Asia Refinery Profits Climb; Tasweeq Offers Shaheen: Asia Crude

Profits from turning crude into oil products in Asia rose to the highest level in seven months.

The gains from refining a barrel of benchmark Dubai crude into fuels such as diesel and gasoline priced in the regional trading hub of Singapore averaged $7.04 during the last five days, the highest since February, according to data compiled by Bloomberg. The 30-day average is $4.99.

Qatar International Petroleum Marketing Co., known as Tasweeq, offered to sell six cargoes of Al-Shaheen crude totaling 3.6 million barrels, for loading in October, said two traders who participate in the market, asking not to be identified because they aren’t authorized to speak to the media. Bids are due Aug. 14.

PV Oil Corp., Vietnam’s state-run marketing company, sold Bach Ho crude loading in October at premiums of $2.50 to $3 a barrel more than dated Brent, said three people who participate in the market.

PV Oil sold 2 million barrels of the grade to four buyers, said one of the people, who asked not to be identified because the information is confidential. Arcadia Petroleum Ltd. bought one cargo, two of them said.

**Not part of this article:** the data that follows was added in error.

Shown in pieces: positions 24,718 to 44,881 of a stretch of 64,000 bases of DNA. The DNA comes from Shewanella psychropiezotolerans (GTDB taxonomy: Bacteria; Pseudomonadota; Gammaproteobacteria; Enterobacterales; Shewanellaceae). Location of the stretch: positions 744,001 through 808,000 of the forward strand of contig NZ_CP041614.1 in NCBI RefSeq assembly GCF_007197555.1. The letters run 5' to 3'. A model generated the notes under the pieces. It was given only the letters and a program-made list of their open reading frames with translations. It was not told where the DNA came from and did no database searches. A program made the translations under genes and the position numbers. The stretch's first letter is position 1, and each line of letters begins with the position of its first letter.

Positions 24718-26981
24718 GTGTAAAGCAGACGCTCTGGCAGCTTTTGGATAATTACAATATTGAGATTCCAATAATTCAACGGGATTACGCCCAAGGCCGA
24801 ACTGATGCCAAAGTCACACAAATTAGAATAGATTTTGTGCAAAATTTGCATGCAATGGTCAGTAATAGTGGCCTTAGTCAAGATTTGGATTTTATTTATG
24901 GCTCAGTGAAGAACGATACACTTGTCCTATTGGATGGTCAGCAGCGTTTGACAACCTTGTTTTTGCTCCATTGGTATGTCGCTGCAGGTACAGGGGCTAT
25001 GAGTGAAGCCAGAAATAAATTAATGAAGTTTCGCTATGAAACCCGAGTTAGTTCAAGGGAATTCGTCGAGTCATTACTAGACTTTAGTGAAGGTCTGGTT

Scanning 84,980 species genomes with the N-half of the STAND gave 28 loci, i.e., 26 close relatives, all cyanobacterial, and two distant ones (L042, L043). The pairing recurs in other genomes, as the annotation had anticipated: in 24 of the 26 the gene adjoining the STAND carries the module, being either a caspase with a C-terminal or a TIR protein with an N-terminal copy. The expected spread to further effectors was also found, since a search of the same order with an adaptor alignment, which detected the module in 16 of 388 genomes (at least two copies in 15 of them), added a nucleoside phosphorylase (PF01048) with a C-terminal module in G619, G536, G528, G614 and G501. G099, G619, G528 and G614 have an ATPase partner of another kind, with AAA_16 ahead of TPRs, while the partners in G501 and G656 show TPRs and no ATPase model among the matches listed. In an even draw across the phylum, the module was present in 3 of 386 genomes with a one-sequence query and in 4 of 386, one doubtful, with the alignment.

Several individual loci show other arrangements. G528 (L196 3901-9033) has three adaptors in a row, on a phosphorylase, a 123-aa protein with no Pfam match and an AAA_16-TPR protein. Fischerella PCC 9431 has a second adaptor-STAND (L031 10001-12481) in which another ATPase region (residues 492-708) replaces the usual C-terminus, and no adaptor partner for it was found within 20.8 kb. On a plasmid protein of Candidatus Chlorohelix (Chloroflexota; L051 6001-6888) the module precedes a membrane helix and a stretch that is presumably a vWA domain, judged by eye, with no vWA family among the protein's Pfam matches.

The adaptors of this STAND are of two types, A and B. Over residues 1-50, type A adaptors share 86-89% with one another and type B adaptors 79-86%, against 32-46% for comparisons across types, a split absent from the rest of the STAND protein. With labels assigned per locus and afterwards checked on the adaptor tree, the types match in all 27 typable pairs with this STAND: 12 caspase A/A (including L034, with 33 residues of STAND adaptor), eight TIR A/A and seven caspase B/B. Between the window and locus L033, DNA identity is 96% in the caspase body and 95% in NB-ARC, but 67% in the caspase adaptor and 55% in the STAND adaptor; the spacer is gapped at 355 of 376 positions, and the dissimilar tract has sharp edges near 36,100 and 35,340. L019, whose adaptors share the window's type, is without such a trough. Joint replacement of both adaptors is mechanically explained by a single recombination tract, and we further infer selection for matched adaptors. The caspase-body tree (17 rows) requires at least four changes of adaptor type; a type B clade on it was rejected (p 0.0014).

The Vietnamese company also agreed to sell Rang Dong crude from October to March at premiums of about $2.50 to $2.60 a barrel, said three people who participate in the market. Chevron Corp. is one of the buyers, said two of the people.

PV Oil is also seeking to sell two cargoes of Chim Sao crude, totaling 600,000 barrels, and 200,000 barrels of Rang Dong for loading in October, said three people who participate in the market. The offers close Aug. 15.

Iraq Outpaces Iran

PV Oil is also offering 300,000 barrels of Te Giac Trang for Oct. 1 to Oct. 5, according to a tender document obtained by Bloomberg News. Bids are due Aug. 17.

Iraq’s crude production has risen to 3.2 million barrels a day and will increase as planned to 3.4 million barrels a day by year’s end, Deputy Prime Minister for Energy Affairs Hussain al-Shahristani said.

The country’s output has now surpassed that of Iran and Kuwait, al-Shahristani told reporters yesterday in Baghdad. The figure would be the highest level in more than 20 years.

The Brent-Dubai exchange for swaps, which measures the European oil’s premium to the Mideast marker, rose 35 cents to $5.10 a barrel for September, according to data from PVM Oil Associates Ltd., a London-based broker. The October EFS gained 9 cents to $3.81.

Dubai crude’s backwardation, when the price for near-term deliveries is greater than later supplies, rose 3 cents. Spot prices were $1 a barrel more than October levels, according to data from PVM.

Oman oil for October rose 42 cents to settle at $108.86 a barrel at 12:30 p.m. on the Dubai Mercantile Exchange.

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